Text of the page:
). Bypassing the shame that derives from social interpellation is a means of salvaging and re-securing egoic subjectivity. What is felt as dis-integrating or desubjectivating is externalized by projection, using others as repositories for bypassed shame who are then attacked. Shame is something that exists in the other, and his deformity or defect deserves ego-solacing destruction. The woman who finds a sexist joke offensive and says so may become the target of accusations of being too sensitive, of being aggressive and nasty, or of not having a sense of humor. Here, in bypassing shame through projection, one eclipses the face of the other. Rather than attending to the actual shame of the other, one instead expels one’s own shame onto the other and attacks it there. It is you who are defective and not me. In such projective bypassing, the other becomes not a face but a staging for what is ultimately a defensive displacement of feeling. Where such projective bypassing of shame exists, there can be no compassionate justice, for there can be no imperative responsibility for an other whose alterity and face are being nullified.
Even when bypassing shame does not entail projective displacement of one’s own shame, it still works against other-driven ethics and justice. The reason for this is that bypassing shame by suppressing or ignoring it reinforces the subject’s sense that desirable subjectivity entails primarily sustaining an effectual settlement between egoic preservation and social interpellation (that is, managing the conflict between the homeostatic aims of the egoic self and the disruptions posed by an omnipresent scrutinizing social gaze that often finds that egoic self defective or wanting). If subjectivity comes to be primarily about weathering this dissidence, then attention to and responsibility for the need and want of the other tends to disappear. At stake is an implicit contention between responsibility for
the other and responsibility to
the self. When one bypasses shame, one is trying to service the egoic needs of the self by circumventing shame’s perceived deregulating toxicity. The subject, whether consciously or non-consciously, wants to evade the emotionally disquieting experience of shame. Shame, especially when intense, is experienced as desubjectifying (Agamben 1999, p. 106
). If I lose my temper and smash a wall in my house in a domestic argument, I might feel afterward, if I find such behavior anathema to who I imagine myself to be, inescapably unsettling, a dis-integration of my prior sense of self. To withstand desubjectivation, one can, as I suggested above, co-assemble shame with more externalizable emotions and discharge it outwardly into a world fabricated by one’s own emotional needs. Or, one can bypass it in less refractory ways by overlooking or disdaining it. In this case, the subject privileges his own emotional regulation over the way that shame connects one to social life and, potentially, to the other, even to the other’s face. Emotional regulation is one dimension of egoic demand, and often has little to do with the other.16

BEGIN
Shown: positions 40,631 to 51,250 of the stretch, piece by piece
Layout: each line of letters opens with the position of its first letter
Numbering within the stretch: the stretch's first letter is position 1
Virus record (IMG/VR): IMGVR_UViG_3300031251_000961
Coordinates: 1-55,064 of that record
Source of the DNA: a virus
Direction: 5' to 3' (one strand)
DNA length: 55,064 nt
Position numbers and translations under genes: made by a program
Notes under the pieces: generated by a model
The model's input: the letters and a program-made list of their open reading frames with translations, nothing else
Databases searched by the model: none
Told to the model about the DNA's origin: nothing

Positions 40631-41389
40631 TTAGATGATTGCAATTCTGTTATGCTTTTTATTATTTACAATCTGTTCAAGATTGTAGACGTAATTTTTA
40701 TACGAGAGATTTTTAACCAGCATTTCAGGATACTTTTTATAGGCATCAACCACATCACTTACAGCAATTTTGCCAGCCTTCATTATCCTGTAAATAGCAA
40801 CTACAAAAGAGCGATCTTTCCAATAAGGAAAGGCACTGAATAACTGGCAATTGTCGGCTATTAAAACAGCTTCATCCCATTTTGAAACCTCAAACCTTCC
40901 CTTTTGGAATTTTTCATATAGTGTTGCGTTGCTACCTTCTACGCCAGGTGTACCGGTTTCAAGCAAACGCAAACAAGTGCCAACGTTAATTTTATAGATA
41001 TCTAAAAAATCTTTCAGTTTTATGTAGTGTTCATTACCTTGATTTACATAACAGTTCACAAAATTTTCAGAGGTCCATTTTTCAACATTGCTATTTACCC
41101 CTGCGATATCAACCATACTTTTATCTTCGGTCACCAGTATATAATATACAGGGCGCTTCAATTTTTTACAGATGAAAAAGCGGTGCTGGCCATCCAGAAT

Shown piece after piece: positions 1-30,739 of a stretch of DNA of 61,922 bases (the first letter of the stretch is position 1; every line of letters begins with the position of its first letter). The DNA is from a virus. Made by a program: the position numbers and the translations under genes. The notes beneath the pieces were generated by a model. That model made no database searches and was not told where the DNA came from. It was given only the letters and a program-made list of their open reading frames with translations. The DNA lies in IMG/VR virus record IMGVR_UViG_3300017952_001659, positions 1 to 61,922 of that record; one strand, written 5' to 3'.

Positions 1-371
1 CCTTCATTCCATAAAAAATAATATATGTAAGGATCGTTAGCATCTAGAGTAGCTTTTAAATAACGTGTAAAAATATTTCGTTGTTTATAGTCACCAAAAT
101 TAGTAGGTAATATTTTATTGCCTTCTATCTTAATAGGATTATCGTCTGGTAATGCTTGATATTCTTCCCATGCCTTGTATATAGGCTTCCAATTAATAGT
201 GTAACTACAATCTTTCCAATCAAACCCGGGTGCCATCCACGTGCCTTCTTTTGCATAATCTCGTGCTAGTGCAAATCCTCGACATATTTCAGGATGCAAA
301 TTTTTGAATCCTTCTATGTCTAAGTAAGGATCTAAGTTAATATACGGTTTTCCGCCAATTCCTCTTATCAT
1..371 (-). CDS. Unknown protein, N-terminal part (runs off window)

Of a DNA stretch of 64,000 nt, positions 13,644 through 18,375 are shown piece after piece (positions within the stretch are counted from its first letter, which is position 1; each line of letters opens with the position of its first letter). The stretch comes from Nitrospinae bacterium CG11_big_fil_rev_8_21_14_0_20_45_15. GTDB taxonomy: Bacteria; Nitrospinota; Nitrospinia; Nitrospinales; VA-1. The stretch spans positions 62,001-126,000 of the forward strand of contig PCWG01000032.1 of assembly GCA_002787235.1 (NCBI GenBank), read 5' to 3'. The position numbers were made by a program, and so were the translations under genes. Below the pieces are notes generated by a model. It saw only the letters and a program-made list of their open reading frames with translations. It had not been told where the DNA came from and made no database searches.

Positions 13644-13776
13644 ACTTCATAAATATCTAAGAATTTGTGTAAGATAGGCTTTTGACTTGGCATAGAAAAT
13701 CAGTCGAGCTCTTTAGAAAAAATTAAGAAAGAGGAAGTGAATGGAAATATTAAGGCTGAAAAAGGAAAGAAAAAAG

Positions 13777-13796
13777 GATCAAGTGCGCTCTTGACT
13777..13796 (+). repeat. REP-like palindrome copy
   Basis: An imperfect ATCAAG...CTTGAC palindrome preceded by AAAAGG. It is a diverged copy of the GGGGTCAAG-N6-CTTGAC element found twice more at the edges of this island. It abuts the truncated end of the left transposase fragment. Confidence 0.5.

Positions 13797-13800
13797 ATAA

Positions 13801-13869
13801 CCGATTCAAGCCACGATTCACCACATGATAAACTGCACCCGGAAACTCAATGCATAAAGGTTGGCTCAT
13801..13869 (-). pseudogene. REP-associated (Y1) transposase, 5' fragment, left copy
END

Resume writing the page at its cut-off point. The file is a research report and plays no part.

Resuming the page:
When driven by an interpellating gaze, emotional regulation becomes an anxious, fraught focus of subjectivity. And the goal of emotional regulation itself is at most only secondarily care of the other (though it may involve use
of the other).
For there to be compassionate justice for the other, commiserative shame can’t be bypassed. One has to allow oneself to attend to and feel the suffering, discomposure and even desubjectivation of the other. One has to hold the face of the other, even if it disrupts or dysregulates the egoic self. Such holding and feeling is discomfiting, unsettling, vexing. But commiserative shame compels one to feel responsible to and for the face of the other with its challenges, shame, and freedoms. The bypassing of interpellative shame in projective discharge or evasive self-regulation has an obvious effect on social responsibility, as it is a means of trying to recover compliant sociality. Bypassing commiserative shame presents a different but fundamental ethical problem, for it means evading the transmissibility of shame, one’s felt responsibility of living attentively for the always already blemished other. Unfortunately, bypassing commiserative shame may be relatively easy, even if, as Levinas I think would argue, the encounter with the other that generates commiserative shame is elemental, otherwise than being. It is well worth remembering that it is normal to bypass shame of all types; it is normal to live a life in which commiserative shame is bypassed, persistently so. In this sense, one could argue that the normal is in part constituted by the bypassing of commiserative shame. The problem with justice, then, may be precisely the socially legitimized normalcy with which commiserative shame can be bypassed. To fight against the political production of evils, then, may entail figuring out how to return commiserative shame to its role as a primal, necessary response to encounter with the other. Or, more simply, it may entail allowing commiserative shame to just be normal.
4. Commiserative Shame and Justice